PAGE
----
In the midst of a serious economic and social crisis in South Africa, including youth unemployment at just under 75% and endemic hunger, the State authorities have targeted the 109 families of the eKhenana (Canaan) land occupation and settlement.
In 2018, two hectares of land were occupied and held in the face of regular armed attacks from the state. The occupation was developed into a working commune with a road, homes, water and electricity systems, a recreation centre built and a cooperative farm that developed a political school established and named in honour of Frantz Fanon. The occupation has faced armed attacks and its leaders have been arrested and spent time in prison on false charges.
Over the course of the past year, the authorities have arrested Mqapheli Bonono, Maphiwe Gasela, Siniko Miya, Lindokuhle Mnguni, Landu Tshazi, Ayanda Ngila, Nokuthula Mabaso, Thozama Mazwi, and Sindiswa Ngcobo. Bonono and Gasela were jailed for two weeks. Miya, Mnguni, Tshazi and Ngila were jailed for six months. In each case charges were dropped when it became clear that there was no evidence. Mabaso, Mazwi and Ngcobo are currently in prison.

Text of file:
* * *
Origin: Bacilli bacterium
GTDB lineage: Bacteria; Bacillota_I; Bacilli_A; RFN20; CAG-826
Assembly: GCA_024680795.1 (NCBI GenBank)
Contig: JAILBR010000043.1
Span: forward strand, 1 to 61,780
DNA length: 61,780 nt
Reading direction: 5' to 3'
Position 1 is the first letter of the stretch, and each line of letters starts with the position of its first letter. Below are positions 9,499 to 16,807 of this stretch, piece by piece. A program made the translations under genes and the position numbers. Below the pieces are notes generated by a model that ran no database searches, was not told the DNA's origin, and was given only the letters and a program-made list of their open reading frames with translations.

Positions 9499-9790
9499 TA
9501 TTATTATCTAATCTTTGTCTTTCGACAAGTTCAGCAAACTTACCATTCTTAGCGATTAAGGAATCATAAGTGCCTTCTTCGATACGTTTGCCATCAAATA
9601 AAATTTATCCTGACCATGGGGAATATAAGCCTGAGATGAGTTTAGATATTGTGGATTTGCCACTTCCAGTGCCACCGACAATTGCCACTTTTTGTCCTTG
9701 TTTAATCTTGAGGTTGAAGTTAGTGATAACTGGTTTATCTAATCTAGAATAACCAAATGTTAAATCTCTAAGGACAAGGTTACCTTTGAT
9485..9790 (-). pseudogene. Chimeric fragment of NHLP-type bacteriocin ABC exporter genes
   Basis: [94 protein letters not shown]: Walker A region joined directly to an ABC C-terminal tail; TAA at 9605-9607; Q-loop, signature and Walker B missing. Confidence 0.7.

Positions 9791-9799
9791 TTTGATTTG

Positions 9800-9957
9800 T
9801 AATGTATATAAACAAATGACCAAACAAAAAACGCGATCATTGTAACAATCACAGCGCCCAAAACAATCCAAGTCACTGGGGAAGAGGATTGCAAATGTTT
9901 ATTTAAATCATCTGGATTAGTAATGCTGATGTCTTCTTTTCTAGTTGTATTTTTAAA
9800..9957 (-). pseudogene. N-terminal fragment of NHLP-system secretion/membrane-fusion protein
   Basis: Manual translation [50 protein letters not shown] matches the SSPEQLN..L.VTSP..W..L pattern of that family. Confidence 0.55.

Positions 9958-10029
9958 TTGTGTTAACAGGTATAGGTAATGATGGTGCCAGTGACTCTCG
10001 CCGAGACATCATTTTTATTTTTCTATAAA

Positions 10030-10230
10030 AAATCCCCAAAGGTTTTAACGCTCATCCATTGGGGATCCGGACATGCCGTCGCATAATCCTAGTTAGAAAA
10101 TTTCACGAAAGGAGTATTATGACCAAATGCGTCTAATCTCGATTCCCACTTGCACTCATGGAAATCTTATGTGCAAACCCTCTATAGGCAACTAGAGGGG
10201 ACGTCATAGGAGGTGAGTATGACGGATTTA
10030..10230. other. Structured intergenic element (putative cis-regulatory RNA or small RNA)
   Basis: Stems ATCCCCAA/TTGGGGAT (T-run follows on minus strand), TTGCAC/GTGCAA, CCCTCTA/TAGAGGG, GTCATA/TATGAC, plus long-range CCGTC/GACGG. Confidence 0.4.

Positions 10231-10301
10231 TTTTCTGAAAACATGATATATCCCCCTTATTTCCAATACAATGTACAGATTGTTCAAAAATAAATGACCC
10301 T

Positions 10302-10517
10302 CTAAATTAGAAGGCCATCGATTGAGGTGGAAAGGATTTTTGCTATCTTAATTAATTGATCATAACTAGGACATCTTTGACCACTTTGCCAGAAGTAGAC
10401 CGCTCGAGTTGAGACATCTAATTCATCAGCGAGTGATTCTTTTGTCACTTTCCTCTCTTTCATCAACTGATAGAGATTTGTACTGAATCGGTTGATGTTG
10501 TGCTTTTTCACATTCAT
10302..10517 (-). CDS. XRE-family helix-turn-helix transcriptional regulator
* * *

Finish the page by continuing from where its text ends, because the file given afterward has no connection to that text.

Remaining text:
The eKhenana Occupation is affiliated to Abahlali baseMjondolo, a movement of the poor that is widely known for its democratic practices and has more than 100 000 paid-up members, and many more supporters. The movement has been subject to repeated waves of violent repression over the years, and a number of its leaders have been assassinated.
In April 2020, we stood with Abahlali baseMjondolo as its members faced evictions. Now, we stand again with the movement and with the residents of eKhenana. We ask the South African authorities to deal fairly with the shack dwellers, to take the poor seriously as they take leadership in building decent lives in a very difficult situation.
Ruthie Wilson Gilmore